New initiatives seek to secure the town’s past and also delve into the future
To truly optimize its potential, a community must be able to look forward and back. This week, Park City proved it is willing to do both.
Wednesday the town kicked off the first of what is hoped will become an annual event, a festival dedicated to innovation. The intent is to establish Park City as a hub for provocative thinking in a variety of fields.
This year’s theme was Innovation in Human Peak Performance and drew experts from disciplines as varied as neuroscience and freestyle skiing.
The inaugural conference seemed to have hit a homerun in Park City, where a session on advances in outdoor products, for instance, drew a standing-room-only crowd. Other speakers focused on transportation and energy strategies, aerospace advances and changing financial technologies.
Organizers say one of the event’s goals is to draw business travelers during the relatively quiet tail end of the ski season, but they are also hoping the gathering will become known as a catalyst for solving some of the world’s knottiest problems.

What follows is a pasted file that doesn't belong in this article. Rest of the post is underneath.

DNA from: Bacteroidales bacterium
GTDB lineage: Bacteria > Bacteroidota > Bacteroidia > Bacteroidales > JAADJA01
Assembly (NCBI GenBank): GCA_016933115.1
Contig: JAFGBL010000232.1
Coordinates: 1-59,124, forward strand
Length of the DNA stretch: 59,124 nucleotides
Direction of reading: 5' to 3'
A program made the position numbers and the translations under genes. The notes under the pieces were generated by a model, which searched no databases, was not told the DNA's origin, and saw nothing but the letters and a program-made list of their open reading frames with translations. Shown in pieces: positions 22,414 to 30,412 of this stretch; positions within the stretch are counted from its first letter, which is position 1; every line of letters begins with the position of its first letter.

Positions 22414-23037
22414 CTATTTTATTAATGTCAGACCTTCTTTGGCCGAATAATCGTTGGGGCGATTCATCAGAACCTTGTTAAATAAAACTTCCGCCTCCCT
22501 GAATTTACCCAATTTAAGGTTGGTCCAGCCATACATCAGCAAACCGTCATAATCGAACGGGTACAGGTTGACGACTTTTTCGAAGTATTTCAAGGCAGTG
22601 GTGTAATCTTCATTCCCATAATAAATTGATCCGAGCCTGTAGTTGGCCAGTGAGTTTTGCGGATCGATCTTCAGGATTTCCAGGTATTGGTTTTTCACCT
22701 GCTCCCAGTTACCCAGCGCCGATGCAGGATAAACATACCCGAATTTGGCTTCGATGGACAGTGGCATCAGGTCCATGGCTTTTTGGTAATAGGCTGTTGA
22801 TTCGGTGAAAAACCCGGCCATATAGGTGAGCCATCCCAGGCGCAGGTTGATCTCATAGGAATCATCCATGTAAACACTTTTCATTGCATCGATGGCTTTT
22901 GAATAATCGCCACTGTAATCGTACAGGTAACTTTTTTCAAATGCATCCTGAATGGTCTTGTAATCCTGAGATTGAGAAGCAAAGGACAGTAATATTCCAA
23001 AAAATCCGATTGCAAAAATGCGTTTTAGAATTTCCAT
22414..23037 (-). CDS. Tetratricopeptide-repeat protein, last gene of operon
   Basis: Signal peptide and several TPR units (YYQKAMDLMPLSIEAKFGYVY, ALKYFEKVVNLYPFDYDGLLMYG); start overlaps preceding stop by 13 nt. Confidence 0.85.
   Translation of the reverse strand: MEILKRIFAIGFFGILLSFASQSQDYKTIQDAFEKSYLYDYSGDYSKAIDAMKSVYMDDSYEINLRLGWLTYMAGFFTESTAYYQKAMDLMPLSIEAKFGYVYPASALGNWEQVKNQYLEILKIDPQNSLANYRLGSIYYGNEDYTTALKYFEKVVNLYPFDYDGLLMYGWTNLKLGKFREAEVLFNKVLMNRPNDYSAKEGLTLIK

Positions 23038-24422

At the same time, while Thin Air attendees were contemplating hyperloops and aquaponics, a group of history buffs convened at Park City Mountain Resort to celebrate the launch of a new effort to restore some of the city’s quintessential mining relics.
The old ramparts that dot the slopes around the resort add immeasurably to Park City’s unique charm, but the few that remain have suffered at the hands of Mother Nature and benign neglect.
While it would be easy to sigh, say goodbye to them and move on, a consortium of leaders from Park City Mountain Resort, The Park City Museum and Park City Municipal have a better idea. On Friday they announced the formation of a new organization, Friends of Ski Mountain Mining History, and with generous seed money from the resort they hope to raise additional funds to stabilize and restore those character-laden treasures.
Thanks to the commitment of the Friends of Ski Mountain Mining History and the vision of the Thin Air Festival organizers, Parkites can continue to capitalize on a rich legacy from the past while also pioneering new technologies for the future.
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